According to Terry Francona, Mike Lowell will start for the Sox on Friday and Jed Lowrie should be back with the big club by the weekend.  So, with things going so well without the two infielders, Sox fans have even more to look forward to with the return of the injured. Here’s more on what Francona had to say.

Show me Yoooouuuk?

This was sent to us from a friend who attended the home run derby last night.

I am a little confused by the slogan “Show me Yoooouuuk”?

I think Nike could have done a lot better on this one.  Cool poster, bad slogan.

(Thanks to Joe T. for submitting this)

The Red Sox Already Have Most of the Pieces in Place

A good team is like a finished puzzle. All the pieces fit into place, they connect, they work together, and when the puzzle is completed they present a solid, unified masterpiece.  Remove a piece and you have a hole.  Replacement pieces maybe be able to fill the hole, but generally leave gaps or don’t fit in the empty space at all.  Mike Lowell is a missing piece that does not have an adequate replacement on the current Red Sox roster.  Combine Lowell’s absence with Pedroia needing to miss a game or two to be with his hospitalized pregnant wife, and the infield is in shambles.  With the trading deadline fast approaching the team would do well to well to address the need for a quality back-up corner infielder, and possibly take a look at the outfield as well.
Roy Halladay is the current hot and sexy piece of meat up on the trade block, and you can’t really have too much pitching, but the Red Sox do not need another ace.  We also don’t need to sell the farm to get a guy who is in the last year of his contract, will be a free agent next year, and is not likely to stick around Boston after the 2009 season.  Money talks and the Red Sox are not going to give him a blockbuster long term commitment.  We’ve got too much young talent coming up. (And, seriously, lets all take a moment and realize how fortunate we are, not too many teams, if any, are enjoying this position.)  If Theo and company are smart, and they are, they’ll take a good long look at shoring up the bench and maybe, if the right deal comes along, shaking up our suddenly inconsistent bullpen a bit.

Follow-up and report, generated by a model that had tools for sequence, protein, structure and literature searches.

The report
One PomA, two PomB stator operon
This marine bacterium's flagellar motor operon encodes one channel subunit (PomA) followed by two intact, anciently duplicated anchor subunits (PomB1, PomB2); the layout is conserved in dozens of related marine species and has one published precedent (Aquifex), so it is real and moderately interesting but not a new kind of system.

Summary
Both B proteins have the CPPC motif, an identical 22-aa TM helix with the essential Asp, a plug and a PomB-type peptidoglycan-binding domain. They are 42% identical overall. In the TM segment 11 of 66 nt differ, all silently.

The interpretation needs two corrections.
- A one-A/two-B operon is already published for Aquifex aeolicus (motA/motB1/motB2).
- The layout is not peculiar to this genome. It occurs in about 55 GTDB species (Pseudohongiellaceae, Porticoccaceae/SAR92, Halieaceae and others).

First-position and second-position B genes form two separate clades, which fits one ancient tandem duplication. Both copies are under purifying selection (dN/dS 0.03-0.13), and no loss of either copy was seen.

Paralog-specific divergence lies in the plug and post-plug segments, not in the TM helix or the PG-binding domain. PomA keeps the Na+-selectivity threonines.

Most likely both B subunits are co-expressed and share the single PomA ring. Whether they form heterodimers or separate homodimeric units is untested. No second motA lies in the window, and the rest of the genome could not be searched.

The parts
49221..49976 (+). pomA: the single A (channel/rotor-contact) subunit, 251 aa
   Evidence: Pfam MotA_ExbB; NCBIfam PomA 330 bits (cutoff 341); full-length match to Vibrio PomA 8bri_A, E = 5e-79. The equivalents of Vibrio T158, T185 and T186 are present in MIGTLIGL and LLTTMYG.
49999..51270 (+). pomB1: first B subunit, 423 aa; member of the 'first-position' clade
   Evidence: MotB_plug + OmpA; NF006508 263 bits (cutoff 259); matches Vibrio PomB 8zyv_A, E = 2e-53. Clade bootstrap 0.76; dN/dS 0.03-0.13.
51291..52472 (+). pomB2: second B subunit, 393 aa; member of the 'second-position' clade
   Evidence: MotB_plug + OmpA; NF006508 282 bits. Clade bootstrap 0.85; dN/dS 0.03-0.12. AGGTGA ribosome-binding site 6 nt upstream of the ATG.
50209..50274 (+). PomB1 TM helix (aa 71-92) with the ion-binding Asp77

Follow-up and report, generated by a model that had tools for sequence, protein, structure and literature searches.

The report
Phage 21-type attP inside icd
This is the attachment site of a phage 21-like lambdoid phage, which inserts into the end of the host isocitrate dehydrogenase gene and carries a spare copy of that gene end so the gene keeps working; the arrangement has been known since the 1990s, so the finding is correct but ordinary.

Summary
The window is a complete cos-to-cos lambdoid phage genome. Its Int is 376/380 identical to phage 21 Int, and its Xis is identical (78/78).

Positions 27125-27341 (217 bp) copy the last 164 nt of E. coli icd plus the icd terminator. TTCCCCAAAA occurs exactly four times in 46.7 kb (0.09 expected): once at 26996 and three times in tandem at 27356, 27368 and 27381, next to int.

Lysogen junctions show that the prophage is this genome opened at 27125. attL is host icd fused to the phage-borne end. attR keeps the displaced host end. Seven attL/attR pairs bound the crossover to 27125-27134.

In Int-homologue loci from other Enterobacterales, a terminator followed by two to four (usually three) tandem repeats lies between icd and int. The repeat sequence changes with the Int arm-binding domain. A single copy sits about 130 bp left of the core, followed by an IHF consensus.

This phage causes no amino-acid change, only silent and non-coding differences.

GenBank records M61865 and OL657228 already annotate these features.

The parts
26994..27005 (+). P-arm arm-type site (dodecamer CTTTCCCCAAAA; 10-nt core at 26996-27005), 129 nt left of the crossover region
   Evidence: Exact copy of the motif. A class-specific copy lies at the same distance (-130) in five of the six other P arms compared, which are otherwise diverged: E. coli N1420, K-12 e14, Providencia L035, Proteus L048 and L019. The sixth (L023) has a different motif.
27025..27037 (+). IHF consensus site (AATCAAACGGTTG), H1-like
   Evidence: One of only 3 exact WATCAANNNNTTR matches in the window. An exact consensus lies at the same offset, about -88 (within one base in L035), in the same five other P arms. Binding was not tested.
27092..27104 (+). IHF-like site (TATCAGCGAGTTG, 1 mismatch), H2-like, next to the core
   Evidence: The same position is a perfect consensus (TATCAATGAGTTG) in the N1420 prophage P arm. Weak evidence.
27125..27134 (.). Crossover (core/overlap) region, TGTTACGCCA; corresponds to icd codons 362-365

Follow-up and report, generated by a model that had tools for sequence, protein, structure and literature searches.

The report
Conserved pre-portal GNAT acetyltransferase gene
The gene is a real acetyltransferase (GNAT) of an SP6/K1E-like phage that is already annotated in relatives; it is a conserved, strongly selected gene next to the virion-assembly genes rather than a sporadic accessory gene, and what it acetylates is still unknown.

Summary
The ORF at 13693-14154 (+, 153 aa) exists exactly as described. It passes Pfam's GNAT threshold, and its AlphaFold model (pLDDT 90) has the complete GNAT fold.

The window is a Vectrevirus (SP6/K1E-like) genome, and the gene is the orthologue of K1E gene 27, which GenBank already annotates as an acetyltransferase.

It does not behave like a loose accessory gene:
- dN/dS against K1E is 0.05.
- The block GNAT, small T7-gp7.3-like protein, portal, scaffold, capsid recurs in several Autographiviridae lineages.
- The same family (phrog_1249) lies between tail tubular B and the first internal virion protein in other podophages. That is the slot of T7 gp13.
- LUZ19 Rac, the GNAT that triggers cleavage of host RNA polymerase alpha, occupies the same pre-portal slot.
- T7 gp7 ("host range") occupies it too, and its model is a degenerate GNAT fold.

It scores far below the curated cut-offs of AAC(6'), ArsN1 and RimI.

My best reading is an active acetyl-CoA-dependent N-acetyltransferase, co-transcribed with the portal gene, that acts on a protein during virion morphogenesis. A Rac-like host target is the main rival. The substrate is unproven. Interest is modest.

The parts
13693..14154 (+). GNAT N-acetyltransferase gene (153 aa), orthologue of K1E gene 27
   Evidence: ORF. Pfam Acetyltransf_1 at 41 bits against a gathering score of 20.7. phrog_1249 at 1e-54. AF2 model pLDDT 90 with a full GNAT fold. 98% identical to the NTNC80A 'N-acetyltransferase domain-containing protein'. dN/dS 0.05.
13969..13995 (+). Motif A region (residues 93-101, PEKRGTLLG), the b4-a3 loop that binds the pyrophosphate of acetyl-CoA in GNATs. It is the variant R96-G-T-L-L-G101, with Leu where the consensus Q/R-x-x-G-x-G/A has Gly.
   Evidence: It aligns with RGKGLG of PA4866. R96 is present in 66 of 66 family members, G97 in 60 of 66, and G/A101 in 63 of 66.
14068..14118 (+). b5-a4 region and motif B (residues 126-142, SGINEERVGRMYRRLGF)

It may seem backwards, but having a good bench is an essential foundation for any team.  Of course you need to build a talented and durable starting nine, but if one of them goes down for any reason who’s going to be responsible for keeping the castle on the level?  The back-up guy.  We’ve been spoiled in the outfield for the past few years with Coco Crisp, the guy was a rock, there were no worries about who was going to pick up the pieces when Ellsbury struggled or JD Drew needed a band-aid.  Thank goodness Ellsbury has figured out to hit like a major leaguer and JD Drew been fairly durable so far this year, knock on wood, throw salt over your shoulder and pray to whatever higher being you believe in that this continues. Do you want to see Baldelli or Kotsay responsible for day to day outfield duty?  Didn’t think so.  It begs the question, who is available at a reasonable price?
We need a decent back-up corner infielder, and a solid back-up outfielder.  After watching them play all weekend I’d like to propose  first baseman Mark Teahen and outfielder David DeJesus.  Teahen is currently hitting .294, a solid 19 doubles with 9 home runs. His skills are not going to rock anyone’s world, but we’re not looking for the second coming of Kevin Youkilis, we’re looking for a nice option to fill in for him when and if Youk has to move to 3rd to cover for Lowell.  David DeJesus is hitting a steady .256 with 18 doubles and 6 triples, and would be a nice compliment to the our current starting outfield.  It’s and easy one stop shop would stabilize the infield corners and add some depth to the outfield in one fell swoop.  Who do we send to Kansas City?  Rocco Baldelli, Jeff Bailey, and Julio Lugo, even if they don’t want Lugo, we’ll just pay his contract and say he accidentally got shipped in the same box as the others.  Mark Kotsay gets to stay by virtue of being able to reliably play either outfield or first base.  Depending on how Clay Buchholz performs on Friday the Red Sox can throw him or Brad Penny in the mix as well.  Kansas City needs pitching help and either one of the two would give them a boost.  If they want a prospect how about Anthony Rizzo?  Talented, but unproven, his path to the majors right now is mostly blocked by Kevin Youkilis’ long term contract and the up and coming Lars Anderson. It would be a win all around, we unload some dead weight while sprucing up the bench and the Royals get reasonably talented players in return.